Ease of travel after Brexit has to be a priority for the negotiations

December 28, 2017

Preserving ease of travel between the UK and EU will be an important aspect for both sides in the Brexit talks, according to a new Migration Watch UK paper.

There should be only minimal formalities for EU citizens arriving at the UK border after Brexit, or indeed for British citizens entering the EU, apart from the usual security and other checks. Those who plan to work would need to apply for a work permit.

There will, however, have to be discussion of two EU plans for future border controls.

One is the European Travel Information and Authorisation System (ETIAS) for non-visa nationals. Pre-departure authorisation would cost ten Euros (just under £9) and last three years, allowing unlimited trips to the Schengen area of up to 90 days during a 180-day period. While the system is still being debated by the EU’s legislative bodies, the plan is to implement ETIAS by 2020.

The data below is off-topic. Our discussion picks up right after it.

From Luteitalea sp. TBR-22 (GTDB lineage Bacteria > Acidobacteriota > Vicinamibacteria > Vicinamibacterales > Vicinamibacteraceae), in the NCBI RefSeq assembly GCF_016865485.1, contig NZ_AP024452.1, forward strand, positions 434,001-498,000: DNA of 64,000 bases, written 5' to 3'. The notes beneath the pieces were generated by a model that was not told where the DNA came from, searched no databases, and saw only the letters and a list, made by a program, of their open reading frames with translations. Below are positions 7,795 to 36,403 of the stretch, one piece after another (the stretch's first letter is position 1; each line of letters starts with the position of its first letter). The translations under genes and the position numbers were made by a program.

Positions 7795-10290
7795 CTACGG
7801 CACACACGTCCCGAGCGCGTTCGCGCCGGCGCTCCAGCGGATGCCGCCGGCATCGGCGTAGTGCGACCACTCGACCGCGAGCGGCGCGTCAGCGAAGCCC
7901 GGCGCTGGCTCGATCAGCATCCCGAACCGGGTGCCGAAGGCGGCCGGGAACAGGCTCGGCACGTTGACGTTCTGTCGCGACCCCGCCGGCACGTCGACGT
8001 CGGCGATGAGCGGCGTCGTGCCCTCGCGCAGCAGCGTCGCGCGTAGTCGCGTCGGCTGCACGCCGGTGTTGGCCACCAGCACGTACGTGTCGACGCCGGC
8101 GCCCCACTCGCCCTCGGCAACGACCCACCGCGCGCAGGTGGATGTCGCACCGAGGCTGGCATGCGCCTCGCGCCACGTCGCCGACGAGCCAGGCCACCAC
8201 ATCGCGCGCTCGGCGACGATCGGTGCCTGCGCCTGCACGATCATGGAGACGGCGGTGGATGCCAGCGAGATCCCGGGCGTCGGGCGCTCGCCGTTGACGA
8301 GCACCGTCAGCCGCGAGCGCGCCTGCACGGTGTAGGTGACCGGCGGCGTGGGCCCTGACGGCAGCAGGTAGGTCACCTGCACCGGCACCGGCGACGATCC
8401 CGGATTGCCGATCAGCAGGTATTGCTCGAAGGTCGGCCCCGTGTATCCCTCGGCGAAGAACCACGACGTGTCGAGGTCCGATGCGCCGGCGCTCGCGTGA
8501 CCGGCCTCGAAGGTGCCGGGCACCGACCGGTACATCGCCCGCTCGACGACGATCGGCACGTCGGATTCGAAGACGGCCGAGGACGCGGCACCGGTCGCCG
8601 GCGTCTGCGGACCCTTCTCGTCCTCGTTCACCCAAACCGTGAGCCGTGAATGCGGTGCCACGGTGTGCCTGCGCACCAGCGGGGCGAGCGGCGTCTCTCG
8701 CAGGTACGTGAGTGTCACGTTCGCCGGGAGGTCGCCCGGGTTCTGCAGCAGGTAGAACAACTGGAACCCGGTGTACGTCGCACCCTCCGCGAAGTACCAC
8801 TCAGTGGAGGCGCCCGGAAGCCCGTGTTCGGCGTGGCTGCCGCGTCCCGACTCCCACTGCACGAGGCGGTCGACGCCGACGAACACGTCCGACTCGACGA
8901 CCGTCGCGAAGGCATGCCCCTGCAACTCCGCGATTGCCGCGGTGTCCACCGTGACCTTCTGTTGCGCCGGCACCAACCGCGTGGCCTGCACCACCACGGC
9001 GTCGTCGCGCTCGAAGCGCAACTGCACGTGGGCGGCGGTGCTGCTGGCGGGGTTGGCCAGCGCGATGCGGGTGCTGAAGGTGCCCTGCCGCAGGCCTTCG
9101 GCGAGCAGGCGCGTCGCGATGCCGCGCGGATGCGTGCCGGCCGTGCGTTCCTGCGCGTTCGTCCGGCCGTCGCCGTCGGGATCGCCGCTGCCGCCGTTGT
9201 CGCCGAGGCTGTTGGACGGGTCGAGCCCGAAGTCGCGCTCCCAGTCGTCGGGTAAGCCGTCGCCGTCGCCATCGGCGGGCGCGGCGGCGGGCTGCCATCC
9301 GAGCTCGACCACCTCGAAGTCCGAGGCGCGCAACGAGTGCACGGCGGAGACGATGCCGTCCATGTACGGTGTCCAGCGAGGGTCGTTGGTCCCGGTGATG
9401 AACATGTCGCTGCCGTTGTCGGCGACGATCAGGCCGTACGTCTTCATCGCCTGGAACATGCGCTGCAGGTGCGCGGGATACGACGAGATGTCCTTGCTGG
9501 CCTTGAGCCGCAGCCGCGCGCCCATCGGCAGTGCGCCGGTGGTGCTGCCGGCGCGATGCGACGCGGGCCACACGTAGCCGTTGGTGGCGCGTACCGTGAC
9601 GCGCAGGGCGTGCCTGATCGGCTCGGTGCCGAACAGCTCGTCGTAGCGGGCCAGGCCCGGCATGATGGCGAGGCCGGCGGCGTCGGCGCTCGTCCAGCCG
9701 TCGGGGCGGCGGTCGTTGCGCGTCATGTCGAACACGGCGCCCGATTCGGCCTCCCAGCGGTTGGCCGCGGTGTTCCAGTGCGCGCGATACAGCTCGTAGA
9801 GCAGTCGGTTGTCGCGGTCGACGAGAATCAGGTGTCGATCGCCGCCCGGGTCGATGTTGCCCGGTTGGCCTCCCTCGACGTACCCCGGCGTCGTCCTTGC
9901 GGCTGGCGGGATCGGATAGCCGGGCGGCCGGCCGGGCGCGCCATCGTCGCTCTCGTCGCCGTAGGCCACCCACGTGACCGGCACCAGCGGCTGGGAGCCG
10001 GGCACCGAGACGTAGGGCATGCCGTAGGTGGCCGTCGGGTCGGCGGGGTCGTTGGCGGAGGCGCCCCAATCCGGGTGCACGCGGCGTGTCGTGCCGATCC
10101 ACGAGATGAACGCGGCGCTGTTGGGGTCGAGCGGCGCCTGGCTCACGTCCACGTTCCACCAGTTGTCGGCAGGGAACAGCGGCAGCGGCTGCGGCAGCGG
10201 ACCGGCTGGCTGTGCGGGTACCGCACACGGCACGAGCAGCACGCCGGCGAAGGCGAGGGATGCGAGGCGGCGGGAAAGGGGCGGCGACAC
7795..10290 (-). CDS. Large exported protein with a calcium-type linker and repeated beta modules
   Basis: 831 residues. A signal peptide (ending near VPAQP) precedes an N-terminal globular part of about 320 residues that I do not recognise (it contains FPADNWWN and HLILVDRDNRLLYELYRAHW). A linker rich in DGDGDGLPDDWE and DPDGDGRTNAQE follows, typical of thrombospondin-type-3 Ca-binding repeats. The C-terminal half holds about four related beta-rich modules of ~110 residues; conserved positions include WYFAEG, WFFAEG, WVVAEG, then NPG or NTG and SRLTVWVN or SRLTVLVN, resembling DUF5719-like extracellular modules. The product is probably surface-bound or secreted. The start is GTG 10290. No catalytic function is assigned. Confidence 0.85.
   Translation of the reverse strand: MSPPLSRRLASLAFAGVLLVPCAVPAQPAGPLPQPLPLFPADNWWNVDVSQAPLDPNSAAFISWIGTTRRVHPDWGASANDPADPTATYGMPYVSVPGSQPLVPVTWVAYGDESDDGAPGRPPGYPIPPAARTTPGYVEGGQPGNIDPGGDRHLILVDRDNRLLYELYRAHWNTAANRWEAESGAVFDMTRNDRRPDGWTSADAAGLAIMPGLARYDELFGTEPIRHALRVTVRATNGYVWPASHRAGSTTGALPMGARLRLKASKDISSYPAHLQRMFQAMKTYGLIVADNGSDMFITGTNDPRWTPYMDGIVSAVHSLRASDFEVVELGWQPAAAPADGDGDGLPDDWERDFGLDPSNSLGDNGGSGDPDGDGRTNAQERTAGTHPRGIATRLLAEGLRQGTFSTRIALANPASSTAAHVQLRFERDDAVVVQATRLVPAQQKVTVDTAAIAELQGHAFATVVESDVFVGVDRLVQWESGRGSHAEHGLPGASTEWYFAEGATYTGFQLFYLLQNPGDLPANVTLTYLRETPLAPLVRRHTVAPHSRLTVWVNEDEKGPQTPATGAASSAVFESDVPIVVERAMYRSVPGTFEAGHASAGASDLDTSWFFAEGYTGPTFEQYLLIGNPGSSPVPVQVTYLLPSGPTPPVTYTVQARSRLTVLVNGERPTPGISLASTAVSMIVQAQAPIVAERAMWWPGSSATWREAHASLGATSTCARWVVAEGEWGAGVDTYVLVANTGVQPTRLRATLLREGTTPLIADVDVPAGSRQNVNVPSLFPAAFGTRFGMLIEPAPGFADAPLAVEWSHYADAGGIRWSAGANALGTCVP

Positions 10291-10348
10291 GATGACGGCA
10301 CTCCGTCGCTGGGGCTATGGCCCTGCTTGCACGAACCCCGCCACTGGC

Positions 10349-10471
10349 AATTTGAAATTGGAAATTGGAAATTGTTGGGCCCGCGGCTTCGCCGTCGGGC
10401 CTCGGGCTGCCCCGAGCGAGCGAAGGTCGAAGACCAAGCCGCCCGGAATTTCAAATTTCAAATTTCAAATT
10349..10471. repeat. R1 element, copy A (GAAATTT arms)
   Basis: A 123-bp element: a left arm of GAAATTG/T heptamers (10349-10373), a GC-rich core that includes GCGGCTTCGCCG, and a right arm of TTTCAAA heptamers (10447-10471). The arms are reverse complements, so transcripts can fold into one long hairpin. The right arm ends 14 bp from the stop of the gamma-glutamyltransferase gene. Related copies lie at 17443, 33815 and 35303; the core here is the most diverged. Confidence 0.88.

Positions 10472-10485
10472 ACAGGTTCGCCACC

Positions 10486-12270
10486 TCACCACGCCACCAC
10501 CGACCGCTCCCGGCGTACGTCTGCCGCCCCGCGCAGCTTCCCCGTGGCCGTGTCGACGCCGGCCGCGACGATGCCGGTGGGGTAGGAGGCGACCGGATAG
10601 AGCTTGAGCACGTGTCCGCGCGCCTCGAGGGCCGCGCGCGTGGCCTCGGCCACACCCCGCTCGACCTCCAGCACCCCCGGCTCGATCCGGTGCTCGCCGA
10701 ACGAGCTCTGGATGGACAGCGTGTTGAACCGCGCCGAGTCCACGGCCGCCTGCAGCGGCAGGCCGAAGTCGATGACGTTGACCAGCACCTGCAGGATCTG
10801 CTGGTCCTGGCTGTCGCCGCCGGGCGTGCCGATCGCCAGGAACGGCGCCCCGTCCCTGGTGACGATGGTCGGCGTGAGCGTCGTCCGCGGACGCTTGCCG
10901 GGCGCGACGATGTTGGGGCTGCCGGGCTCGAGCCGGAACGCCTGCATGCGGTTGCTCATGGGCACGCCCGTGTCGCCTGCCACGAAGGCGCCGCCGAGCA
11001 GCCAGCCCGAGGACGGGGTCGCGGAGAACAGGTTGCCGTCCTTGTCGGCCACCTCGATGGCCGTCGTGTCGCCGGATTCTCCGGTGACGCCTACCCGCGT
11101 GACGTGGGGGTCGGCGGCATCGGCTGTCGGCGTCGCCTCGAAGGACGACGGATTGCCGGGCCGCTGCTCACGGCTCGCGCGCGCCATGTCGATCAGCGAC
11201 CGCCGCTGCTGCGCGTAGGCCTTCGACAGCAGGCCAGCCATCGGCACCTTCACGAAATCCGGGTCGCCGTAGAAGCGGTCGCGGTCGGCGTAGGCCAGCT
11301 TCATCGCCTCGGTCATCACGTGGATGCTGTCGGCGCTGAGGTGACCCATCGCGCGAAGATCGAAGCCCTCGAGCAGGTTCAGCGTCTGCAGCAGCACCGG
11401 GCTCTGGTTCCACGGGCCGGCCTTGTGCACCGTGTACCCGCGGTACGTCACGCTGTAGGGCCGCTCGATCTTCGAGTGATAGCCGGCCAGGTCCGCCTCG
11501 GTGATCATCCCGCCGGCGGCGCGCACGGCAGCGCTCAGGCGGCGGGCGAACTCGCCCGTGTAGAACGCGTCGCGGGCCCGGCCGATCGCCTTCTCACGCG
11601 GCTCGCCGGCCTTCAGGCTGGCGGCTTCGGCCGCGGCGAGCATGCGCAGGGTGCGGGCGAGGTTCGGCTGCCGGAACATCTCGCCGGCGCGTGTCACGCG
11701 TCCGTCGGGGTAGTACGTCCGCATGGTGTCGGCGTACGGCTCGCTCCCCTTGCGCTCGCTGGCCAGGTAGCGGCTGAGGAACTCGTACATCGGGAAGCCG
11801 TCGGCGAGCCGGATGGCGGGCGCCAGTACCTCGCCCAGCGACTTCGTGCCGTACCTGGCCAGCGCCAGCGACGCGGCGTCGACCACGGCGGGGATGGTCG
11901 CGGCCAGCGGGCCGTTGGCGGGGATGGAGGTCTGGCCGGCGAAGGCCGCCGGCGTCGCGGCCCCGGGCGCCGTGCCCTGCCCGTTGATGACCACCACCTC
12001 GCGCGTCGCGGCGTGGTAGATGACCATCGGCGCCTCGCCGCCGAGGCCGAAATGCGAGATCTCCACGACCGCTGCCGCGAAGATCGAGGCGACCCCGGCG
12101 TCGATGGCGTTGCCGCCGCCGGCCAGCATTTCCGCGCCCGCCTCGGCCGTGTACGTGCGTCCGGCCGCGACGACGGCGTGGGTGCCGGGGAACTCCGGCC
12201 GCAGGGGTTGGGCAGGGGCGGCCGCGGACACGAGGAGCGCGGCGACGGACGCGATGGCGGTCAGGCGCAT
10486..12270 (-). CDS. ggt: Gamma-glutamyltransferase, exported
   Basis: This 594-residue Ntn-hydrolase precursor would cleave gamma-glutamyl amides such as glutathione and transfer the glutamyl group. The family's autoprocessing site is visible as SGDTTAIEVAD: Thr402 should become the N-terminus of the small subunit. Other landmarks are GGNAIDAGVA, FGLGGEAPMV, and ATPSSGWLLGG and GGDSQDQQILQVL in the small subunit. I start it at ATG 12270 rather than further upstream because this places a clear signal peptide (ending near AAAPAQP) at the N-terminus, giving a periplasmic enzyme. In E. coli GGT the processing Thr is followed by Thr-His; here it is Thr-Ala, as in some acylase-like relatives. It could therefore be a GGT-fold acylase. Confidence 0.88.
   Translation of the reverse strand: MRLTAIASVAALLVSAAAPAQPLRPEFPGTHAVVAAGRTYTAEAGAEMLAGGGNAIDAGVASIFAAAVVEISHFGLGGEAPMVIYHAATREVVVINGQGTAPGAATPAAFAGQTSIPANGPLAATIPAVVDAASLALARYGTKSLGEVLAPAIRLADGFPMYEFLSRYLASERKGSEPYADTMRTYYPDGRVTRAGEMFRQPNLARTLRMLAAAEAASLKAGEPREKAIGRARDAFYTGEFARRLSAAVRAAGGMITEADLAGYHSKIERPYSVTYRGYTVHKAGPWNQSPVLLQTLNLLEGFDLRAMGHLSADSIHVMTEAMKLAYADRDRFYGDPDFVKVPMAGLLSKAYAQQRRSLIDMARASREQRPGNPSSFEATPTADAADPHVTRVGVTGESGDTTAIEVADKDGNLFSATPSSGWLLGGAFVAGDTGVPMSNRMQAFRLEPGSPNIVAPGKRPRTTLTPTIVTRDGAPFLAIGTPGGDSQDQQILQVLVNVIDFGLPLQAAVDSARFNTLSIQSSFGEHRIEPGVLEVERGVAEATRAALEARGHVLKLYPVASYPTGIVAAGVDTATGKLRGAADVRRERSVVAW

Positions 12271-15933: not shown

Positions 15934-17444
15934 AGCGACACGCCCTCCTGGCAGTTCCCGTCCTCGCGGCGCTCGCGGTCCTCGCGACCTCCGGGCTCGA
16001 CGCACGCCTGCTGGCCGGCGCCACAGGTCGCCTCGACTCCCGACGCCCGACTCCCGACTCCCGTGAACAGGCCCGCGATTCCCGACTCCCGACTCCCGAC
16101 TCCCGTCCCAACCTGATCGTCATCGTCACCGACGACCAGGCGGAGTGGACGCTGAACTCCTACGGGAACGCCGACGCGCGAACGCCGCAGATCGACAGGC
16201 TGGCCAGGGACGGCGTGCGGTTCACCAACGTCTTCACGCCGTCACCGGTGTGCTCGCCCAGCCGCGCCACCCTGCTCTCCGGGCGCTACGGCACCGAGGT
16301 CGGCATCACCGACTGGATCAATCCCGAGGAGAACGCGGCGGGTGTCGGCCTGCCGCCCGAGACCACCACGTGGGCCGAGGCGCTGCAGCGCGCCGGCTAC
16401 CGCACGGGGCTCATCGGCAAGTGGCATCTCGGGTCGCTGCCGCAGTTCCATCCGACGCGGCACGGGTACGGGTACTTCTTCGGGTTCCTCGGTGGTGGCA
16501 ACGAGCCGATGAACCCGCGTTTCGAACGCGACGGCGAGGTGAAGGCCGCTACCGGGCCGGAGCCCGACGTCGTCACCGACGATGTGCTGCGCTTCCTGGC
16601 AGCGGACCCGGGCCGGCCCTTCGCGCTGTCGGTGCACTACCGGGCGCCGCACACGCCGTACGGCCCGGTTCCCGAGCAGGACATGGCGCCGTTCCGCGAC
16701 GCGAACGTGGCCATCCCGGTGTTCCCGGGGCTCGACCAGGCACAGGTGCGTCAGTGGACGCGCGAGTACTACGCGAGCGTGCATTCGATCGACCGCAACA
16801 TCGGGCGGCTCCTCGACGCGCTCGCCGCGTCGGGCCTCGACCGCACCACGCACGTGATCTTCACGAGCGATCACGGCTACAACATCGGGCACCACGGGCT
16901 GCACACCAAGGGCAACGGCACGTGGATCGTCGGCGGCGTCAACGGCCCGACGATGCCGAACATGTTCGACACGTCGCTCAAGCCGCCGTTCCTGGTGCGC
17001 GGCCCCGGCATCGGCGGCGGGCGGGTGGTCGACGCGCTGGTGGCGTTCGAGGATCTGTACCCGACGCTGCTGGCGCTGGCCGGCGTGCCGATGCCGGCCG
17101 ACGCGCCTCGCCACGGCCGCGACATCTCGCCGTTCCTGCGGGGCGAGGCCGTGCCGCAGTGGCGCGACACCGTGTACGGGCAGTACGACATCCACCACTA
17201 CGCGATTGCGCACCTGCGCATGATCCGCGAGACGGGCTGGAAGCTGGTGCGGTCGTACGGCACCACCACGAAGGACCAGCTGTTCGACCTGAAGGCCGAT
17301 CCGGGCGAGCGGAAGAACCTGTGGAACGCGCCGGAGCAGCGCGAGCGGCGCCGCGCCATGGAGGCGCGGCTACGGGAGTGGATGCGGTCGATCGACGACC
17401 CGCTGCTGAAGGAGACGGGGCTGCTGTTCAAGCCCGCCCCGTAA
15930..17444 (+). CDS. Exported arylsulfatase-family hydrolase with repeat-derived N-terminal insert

The other is an Entry-Exit System (EES) involving fingerprint and photograph checks on all arriving passengers from 2020. EES was approved by the Council of the EU in November 2017.

Whether either EU system would apply to British citizens travelling to EU countries after Brexit will depend on the negotiations. If ETIAS and the EES were applied to British nationals in future, the UK government would have the option of reciprocating.

Home Secretary Amber Rudd confirmed earlier this year that the UK government is considering new electronic pre-clearance processes of its own. And leaked draft immigration proposals suggested in September 2017 that the scheme currently under consideration could be similar to the United States’ ESTA which costs $14 (just over £10) and lasts two years.

Commenting, Alp Mehmet, Vice Chairman of Migration Watch UK, said:

Over the coming months, it is essential that negotiators on both sides do not lose sight of the fact that most people travelling between the UK and the EU after Brexit, be it on holiday or on business, will want their journeys to be smooth and with minimal disruption. Our paper points to how this could be done.

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